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US and EU could be victims of ICANN power shift

Kevin Murphy, June 24, 2013, 10:37:27 (UTC), Domain Policy

Europe and North America could see an influx of new nations under changes to the way ICANN defines geographic regions, potentially diluting the influence of EU states and the USA.

Europe could soon be joined by several Middle Eastern countries, while North America could be expanded to encapsulate Caribbean nations.

The changes, which would alter the composition of key ICANN decision-making bodies, could come as a result of the Geographic Regions Review Working Group, which delivered a draft final set of recommendations over the weekend, after four years of deliberations.

Among its conclusions, the WG found that there are “anomalies” in how ICANN handles regions and that countries should have the right to move to a different region if they choose.

ICANN has long divided the world into five regions (North America, Europe, Asia-Pacific, Africa and Latin America and the Caribbean) along unique and sometimes unusual lines.

The regions are used to ensure diversity in the make-up of its board of directors, among other things. ICANN’s bylaws state that no region may have more than five directors on the board.

The working group was tasked with figuring out whether the current geographic regions made sense, whether there should more or fewer regions, and whether some countries should change regions.

ICANN’s regions as they stand today have some weirdness.

Cyprus, for example, is categorized as being in Asia-Pacific, despite it floating in the Mediterranean, being a member of the European Union and largely speaking Greek.

Mexico and most Caribbean islands are in Latin America, as far as ICANN is concerned, leaving the US, Canada and US overseas territories as the North American region’s only eight members.

Then there are anomalies relating to “mother countries”. The Falkland Islands, for example, is physically found in the Latin American region but is classified as European by ICANN because it’s a British territory.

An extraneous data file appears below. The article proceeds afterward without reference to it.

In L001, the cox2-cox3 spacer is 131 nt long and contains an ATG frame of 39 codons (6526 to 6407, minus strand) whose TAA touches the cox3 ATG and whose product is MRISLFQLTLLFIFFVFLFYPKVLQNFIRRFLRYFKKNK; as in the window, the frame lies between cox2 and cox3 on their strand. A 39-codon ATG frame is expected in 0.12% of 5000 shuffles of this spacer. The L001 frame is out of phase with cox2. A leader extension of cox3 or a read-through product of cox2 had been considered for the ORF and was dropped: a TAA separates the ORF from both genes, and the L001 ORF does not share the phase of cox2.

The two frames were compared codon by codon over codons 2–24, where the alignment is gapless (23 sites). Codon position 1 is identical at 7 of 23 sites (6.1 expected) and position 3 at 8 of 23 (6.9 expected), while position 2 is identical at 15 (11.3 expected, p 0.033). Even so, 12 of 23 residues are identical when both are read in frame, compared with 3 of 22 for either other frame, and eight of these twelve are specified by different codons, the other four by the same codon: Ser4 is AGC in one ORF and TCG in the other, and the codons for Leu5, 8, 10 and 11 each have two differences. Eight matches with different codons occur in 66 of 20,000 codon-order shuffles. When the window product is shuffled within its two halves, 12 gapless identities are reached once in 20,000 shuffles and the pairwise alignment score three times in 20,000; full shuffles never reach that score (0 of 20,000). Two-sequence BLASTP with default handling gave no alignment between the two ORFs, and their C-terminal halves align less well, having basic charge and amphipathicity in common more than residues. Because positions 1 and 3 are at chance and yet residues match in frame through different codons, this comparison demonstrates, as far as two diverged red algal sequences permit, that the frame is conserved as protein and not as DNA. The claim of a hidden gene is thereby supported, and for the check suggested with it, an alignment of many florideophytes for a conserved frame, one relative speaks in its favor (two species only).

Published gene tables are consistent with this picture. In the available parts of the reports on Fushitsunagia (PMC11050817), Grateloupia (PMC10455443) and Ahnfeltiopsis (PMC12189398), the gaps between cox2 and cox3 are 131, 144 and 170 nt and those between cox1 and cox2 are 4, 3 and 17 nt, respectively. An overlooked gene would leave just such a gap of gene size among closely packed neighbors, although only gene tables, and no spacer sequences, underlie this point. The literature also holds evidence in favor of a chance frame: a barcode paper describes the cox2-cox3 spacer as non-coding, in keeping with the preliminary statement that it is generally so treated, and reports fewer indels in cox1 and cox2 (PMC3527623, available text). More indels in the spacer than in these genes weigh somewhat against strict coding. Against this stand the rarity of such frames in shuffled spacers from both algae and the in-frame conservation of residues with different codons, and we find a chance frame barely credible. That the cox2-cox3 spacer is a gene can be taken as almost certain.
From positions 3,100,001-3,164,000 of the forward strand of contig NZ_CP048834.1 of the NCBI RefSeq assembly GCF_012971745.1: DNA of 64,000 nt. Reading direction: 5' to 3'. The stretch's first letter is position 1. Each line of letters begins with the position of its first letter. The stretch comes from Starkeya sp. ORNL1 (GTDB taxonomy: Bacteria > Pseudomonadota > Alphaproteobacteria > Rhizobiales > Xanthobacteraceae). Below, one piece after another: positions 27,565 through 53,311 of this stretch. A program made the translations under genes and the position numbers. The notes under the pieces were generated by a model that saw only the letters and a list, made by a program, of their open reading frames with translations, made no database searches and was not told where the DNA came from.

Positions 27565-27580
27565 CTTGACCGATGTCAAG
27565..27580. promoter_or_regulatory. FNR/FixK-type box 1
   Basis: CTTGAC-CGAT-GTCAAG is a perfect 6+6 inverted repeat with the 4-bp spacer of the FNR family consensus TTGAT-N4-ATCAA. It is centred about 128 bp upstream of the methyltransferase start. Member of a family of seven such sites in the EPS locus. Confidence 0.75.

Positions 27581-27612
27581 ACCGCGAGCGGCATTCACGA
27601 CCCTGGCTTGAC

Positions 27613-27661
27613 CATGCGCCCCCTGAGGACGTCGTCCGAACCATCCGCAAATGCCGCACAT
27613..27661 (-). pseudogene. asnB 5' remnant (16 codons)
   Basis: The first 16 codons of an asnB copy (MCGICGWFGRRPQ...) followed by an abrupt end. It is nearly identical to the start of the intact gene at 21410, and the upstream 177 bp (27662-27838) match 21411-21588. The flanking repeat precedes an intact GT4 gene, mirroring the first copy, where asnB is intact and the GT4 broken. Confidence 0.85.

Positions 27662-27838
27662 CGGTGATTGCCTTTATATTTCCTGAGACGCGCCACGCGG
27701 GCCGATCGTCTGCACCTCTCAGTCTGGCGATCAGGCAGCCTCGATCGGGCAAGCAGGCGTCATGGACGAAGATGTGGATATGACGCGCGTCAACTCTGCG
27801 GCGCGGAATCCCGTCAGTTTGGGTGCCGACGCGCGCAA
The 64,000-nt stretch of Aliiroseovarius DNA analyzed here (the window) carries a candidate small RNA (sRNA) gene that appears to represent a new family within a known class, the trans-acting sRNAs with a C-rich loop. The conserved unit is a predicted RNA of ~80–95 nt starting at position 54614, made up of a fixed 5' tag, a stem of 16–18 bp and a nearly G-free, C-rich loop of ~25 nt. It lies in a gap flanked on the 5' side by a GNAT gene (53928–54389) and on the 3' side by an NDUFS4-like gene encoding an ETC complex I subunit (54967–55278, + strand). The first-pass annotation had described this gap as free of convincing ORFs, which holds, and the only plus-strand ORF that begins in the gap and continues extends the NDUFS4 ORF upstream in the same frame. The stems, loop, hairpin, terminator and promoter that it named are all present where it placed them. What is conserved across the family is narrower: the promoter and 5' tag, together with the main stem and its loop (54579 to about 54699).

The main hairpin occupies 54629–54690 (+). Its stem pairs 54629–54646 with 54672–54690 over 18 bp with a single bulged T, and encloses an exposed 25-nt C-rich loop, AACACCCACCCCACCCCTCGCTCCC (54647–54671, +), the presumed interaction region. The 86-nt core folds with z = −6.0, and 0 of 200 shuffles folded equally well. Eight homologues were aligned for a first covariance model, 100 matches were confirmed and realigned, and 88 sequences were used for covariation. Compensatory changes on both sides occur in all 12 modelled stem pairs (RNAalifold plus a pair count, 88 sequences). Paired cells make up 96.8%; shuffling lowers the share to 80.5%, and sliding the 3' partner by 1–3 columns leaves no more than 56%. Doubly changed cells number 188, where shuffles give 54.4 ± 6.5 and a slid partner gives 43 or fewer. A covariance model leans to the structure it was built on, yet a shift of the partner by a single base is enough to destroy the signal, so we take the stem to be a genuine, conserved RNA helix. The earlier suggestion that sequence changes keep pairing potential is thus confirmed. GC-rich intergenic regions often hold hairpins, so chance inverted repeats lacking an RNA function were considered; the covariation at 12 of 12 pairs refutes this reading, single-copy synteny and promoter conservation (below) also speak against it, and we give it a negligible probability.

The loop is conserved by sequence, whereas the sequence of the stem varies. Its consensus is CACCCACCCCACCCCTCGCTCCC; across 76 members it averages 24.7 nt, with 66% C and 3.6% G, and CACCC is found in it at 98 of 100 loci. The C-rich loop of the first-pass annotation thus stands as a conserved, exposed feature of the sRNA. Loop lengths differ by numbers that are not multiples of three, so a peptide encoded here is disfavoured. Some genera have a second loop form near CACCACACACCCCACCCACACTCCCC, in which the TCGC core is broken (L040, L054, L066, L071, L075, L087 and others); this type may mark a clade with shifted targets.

Under changes proposed by the working group, many of these anomalies could slowly shake themselves out.

But the working group decided against forcing nations from one region into another (with an opt-out) as had been proposed in 2011. Instead, countries could choose to change regions.

This is the key recommendation:

The Working Group recommends that the Board direct Staff to prepare and maintain ICANN’s own unique organizational table that clearly shows the allocation of countries and territories (as defined by ISO 3166) to its existing five Geographic Regions. The initial allocation should reflect the status quo of the current assignments. However, Staff should also develop and implement a process to permit stakeholder communities in countries or territories to pursue, if they wish, re-assignment to a geographic region that they consider to be more appropriate for their jurisdiction.

While this looks like a free-for-all — there doesn’t seem to be anything stopping France moving to Africa, for example — in practice the working group seems to be expecting certain shifts.

For example, some Middle Eastern nations had expressed an interest in moving from Asia-Pacific to Europe, while some Caribbean island states apparently feel more aligned with North America.

Assuming the recommendations are taken on board and regional switches are approved on a case-by-case basis, both North America and Europe could soon swell to include new countries.

The working group’s recommendations would avoid the seismic shifts previously envisaged, however.

There will be no separate region for Arab states, which had been requested. Nor will there be any forced move of territories into regions different from their mother countries (which would have proved politically difficult in the case of disputed land masses such as the Falklands).

While the report is being called “final” it has been presented for public review until October, after which it will be formally sent to ICANN’s board.

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